Home Publisher's Point of View Two Nights, Two Hotels, One Property

Two Nights, Two Hotels, One Property

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This week the dual-branded Home2 Suites by Hilton/Hampton Inn & Suites will officially open in Huntsville, Ala. The property, which features 175 guestrooms (77 in Home2 Suites by Hilton and 98 in Hampton Inn & Suites), has been open for several months. I was invited by Hilton Worldwide to spend a night at each of the properties last week. My goal was to identify the efficiencies that come with a dual-branded property and check on the green attributes of each hotel. The hotel is owned by Apple Hospitality and managed by LBA Hospitality.

There are now approximately 100 dual-branded properties in the United States. Dual-branding eliminates redundancy in costs in many areas. For example, the Home2 Suites by Hilton/Hampton Inn & Suites includes a shared boiler room, laundry room, fitness room, and meeting space. To simplify laundry operations, the two hotels both use high-quality microfiber Home2 sheets that take little time to dry. “All towels are Homewood Suites/Hilton Garden Inn towels,” Home2 Suites by Hilton/Hampton Inn & Suites general manager Chrissy Wadsworth said. All 175 guestrooms feature the same guestroom energy management system.

The hotels have separate breakfast areas and both breakfasts are free. Occasionally, Home2 Suites by Hilton guests will gravitate toward the Hampton breakfast down the hall—not something Wadsworth wants her Home2 Suites by Hilton guests to do but it happens.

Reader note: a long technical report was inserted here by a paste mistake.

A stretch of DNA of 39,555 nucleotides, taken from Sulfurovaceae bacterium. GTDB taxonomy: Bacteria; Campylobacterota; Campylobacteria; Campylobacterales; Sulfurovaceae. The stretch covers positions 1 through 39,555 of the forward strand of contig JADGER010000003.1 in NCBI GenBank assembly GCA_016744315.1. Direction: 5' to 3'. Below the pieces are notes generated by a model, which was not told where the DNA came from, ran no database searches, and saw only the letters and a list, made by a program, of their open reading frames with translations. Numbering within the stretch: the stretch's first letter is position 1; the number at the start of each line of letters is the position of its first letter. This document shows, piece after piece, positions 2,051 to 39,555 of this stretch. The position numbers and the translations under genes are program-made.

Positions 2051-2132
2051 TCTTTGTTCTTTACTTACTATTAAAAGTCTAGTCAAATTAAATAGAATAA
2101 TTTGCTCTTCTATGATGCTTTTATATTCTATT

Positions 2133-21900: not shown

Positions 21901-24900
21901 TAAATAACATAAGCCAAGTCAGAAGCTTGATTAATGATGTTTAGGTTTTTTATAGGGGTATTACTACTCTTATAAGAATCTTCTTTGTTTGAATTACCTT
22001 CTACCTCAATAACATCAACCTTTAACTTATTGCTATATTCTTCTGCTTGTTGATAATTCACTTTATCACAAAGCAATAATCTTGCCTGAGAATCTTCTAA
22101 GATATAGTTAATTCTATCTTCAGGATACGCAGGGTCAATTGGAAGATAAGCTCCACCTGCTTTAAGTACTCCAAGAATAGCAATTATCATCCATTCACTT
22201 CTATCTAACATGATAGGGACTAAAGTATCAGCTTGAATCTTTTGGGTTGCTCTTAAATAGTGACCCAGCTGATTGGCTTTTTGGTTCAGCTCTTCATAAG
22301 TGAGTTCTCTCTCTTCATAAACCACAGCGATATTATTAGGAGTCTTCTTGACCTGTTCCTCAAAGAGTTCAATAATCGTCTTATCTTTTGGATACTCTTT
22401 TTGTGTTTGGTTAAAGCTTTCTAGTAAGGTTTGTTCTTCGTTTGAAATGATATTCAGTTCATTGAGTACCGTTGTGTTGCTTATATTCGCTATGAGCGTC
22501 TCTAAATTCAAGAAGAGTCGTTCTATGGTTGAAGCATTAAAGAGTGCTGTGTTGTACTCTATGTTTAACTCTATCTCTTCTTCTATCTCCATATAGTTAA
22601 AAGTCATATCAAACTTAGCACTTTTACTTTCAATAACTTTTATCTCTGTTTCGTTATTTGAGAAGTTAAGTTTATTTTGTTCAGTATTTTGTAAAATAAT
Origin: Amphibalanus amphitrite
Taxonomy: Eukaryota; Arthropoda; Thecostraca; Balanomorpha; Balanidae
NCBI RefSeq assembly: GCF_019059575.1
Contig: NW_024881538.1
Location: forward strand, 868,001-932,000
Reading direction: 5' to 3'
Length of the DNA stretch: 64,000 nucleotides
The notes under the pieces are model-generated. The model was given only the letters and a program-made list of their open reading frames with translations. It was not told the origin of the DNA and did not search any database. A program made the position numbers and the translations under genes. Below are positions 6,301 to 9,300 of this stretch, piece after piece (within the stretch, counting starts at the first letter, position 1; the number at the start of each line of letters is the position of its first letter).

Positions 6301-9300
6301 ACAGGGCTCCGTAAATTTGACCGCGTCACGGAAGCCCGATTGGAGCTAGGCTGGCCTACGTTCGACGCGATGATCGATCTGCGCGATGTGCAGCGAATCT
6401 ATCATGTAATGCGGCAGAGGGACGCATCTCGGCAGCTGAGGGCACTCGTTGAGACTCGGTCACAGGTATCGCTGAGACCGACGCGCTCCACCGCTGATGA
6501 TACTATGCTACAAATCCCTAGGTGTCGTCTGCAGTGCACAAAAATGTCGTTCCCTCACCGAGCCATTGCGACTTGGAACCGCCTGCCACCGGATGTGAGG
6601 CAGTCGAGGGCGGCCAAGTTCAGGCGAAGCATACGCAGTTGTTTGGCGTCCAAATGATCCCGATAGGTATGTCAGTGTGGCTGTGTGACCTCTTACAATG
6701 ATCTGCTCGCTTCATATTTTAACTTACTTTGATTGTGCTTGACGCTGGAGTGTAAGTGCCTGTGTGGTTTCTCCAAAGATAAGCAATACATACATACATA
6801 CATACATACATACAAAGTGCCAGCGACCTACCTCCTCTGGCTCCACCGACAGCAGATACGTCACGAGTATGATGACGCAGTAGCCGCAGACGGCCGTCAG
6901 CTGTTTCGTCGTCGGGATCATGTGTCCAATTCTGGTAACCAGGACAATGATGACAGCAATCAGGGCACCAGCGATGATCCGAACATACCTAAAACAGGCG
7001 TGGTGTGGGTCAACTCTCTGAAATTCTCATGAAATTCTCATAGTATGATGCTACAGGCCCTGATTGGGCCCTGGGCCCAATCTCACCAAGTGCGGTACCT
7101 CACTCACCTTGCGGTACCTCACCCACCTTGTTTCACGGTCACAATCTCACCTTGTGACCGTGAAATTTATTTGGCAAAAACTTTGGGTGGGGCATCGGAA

First Night at Home2 Suites by Hilton

I spent my first night on the Home2 Suites by Hilton side and was impressed. The extended-stay half of the hotel has the following green features: healthy breakfast options, dual-flush toilets, shampoo and soap dispensers instead of plastic bottles, both shades and blinds for guestroom windows, modular carpet made from at least 65 percent recycled content, energy-efficient compact fluorescents, LED lighting around switches in the guestroom bathroom eliminate the need to keep bathroom lights on at night, countertops made from recycled materials, saline pool, Rainforest Alliance coffee, and Energy Star rated appliances. In the breakfast area, real china and utensils are used and desk chairs in suites are made from 98 percent recycled materials.